Angela Hobbs, a Plato scholar and Reader in the Public Understanding of Philosophy at Warwick University, said “I believe it is perfectly possible that Plato embedded symbols and allegories within his dialogues; it is even possible, as Kennedy claims, that he embedded a twelve-note musical scale in each of his dialogues. We know that Plato was deeply interested in mathematical and musical theory, and there were many reports in antiquity (including from Aristotle) that Plato secretly transmitted esoteric doctrines to a chosen few.”

However she is “not yet convinced” that Kennedy has “successfully demonstrated that such a musical structuring of the dialogues actually exists, though I am keeping an open mind until more study is done. The problem is that if you claim that ‘significant’ concepts occur in the dialogues at mathematically ‘significant’ moments, you run an obvious risk of begging the question. Who – other than the modern scholar – is going to define ‘significant’?”

Even if the symbolism could be proved, “this still leaves the question of whether, and in what ways, our understanding of the dialogue might be enriched. Would the discovery of such symbols add anything more than elegant emphasis to concepts (such as harmony) that are clearly central to the dialogue anyway?”

The debate, already lively on scholarly blogs, looks set to continue.

Subscribe now September 2010 to read Kennedy’s article in issue 51 of tpm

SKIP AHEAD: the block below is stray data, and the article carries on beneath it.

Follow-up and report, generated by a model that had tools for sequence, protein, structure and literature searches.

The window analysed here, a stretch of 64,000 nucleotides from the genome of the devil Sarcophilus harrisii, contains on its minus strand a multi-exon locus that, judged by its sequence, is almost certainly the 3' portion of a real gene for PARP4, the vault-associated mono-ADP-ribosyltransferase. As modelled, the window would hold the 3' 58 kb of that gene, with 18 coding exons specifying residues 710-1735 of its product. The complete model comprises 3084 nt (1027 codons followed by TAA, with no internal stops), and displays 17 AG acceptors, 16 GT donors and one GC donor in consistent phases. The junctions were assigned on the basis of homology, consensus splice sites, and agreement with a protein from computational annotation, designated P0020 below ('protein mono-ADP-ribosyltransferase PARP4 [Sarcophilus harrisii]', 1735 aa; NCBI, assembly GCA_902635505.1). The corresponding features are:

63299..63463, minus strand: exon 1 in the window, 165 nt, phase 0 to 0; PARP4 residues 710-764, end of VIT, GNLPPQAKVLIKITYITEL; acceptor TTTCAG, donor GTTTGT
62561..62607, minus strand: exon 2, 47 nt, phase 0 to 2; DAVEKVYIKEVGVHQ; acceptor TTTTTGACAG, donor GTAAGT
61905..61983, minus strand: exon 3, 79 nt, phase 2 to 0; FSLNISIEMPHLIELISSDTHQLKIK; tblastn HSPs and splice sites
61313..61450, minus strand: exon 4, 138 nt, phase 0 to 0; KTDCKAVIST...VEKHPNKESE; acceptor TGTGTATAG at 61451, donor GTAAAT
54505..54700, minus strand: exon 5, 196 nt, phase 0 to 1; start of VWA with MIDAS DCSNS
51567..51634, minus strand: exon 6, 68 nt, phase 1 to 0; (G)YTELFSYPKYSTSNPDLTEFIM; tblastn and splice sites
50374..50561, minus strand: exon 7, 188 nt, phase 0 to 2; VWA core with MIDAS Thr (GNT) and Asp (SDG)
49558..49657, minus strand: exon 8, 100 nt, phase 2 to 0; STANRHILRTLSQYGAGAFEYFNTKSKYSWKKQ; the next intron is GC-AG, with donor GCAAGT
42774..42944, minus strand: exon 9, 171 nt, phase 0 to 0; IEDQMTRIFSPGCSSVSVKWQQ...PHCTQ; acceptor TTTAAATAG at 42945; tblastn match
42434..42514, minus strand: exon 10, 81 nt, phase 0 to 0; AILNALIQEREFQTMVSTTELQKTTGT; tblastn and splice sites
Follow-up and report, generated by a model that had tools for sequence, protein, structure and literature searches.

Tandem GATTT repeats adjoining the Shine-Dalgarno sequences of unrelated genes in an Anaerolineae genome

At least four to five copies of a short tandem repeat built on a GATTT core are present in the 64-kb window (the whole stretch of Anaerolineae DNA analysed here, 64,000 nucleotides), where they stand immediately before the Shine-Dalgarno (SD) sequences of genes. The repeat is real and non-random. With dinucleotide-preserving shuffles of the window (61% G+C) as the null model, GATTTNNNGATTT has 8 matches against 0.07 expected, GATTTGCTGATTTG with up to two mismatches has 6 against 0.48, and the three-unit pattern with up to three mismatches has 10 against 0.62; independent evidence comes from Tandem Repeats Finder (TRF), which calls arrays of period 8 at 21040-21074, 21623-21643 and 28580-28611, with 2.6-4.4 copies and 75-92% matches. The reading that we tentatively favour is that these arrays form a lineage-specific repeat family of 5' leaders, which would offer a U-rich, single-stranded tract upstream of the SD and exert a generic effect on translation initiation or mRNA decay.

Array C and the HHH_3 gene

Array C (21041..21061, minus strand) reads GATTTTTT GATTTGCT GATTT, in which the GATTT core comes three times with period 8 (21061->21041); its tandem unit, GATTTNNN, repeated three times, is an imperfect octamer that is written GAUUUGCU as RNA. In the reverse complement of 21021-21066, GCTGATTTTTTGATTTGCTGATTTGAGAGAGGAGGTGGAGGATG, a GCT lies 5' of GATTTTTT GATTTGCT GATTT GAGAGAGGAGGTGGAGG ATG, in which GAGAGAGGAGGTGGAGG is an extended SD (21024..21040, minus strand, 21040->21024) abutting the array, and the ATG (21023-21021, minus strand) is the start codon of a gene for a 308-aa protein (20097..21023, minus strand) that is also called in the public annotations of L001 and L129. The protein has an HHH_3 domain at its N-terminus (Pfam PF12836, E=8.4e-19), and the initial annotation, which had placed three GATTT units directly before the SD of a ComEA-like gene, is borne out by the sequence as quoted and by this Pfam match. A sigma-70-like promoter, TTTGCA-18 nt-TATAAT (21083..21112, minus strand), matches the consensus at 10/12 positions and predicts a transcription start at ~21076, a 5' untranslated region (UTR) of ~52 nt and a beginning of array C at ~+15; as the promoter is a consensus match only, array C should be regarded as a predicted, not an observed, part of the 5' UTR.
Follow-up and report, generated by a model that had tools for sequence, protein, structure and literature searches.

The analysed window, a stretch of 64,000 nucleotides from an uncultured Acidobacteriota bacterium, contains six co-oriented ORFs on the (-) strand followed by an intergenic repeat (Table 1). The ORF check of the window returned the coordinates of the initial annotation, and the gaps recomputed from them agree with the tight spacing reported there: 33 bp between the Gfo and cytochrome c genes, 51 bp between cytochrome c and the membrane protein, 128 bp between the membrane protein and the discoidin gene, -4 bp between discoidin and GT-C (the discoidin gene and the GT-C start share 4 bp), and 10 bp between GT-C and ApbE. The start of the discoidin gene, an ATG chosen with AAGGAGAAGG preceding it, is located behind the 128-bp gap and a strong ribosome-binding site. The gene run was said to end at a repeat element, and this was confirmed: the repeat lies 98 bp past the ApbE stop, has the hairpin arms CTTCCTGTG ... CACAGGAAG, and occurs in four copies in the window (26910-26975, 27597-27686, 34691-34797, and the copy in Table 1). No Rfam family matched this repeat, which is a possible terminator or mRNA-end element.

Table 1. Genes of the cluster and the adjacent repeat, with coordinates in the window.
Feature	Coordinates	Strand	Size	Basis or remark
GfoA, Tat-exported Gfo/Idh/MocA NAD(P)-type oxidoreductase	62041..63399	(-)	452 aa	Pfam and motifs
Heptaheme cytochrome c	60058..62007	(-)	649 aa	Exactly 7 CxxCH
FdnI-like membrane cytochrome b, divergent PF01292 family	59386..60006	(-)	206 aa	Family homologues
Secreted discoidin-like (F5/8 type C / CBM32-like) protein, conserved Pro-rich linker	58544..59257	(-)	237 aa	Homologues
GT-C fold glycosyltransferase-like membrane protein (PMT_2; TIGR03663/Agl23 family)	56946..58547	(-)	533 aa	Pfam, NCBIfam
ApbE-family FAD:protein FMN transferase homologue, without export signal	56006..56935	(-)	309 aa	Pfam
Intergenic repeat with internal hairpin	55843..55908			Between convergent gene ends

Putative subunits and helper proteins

One comment for “Scholars react to “Plato Code” claims”

  1. In his website, New Research on Plato and Pythagoras, Dr. Jay Kennedy quotes Whitehead as saying ‘All of Western philosophy is a series of footnotes to Plato.’
    My reading in the field of philosophy leads me to believe most practitioners in the subject, in varying degrees agree with Whitehead. So, why is it that Dr. Kennedy
    and others “ . . . have painstakingly tried to piece together the pieces of his philosophy from the hints in his writings?” A straight forward reading of his works has earned the honor Whitehead bestowed on him. Why should one imagine there is more to be gleaned from his works by putting them through a philosophical food processor?

    As a musician and mathematician it’s difficult for me to understand why Plato would go through the trouble of deviously putting in musical scales and mathematics into his dialogues. What was there about either that could have offended anyone?
    An allusion to Plato fearing what happened to Socrates might be in store for him if he wasn’t extremely careful. But, Socrates really had his own agenda as to his role in the Athenian society, and as Xenophon in Symposium (or the Apology) states, Socrates at that point wanted to die.
    I’m willing to believe there may be symbolism embedded in Plato’s work; I’d be surprised if there wasn’t, but that’s a far cry from some fancy code based on a twelve tone scale holding secrets to . . . What? His most important ideas?

    I guess, based on the twelve tone scale, Dr. Kennedy using line-counting divided the dialogues into twelfths and found in the 8th and 9th twelfths, fortunate things happening in the text whereas in the 10th and 11th twelfths, unfortunate happenings. Since these goings-on were openly available to Dr. Kennedy, as it would be to anyone else, reading the text in a normal way, what about them necessitates coding?

    Kennedy admits to a number of insights arrived at when teaching a course on the Republic and another which dealt with Pythagorean mathematics and music “This was a combustible mixture.” Clearly he has a volatile imagination; I wish I had one.

    Posted by Ralph Sabella | August 20, 2010, 7:00 pm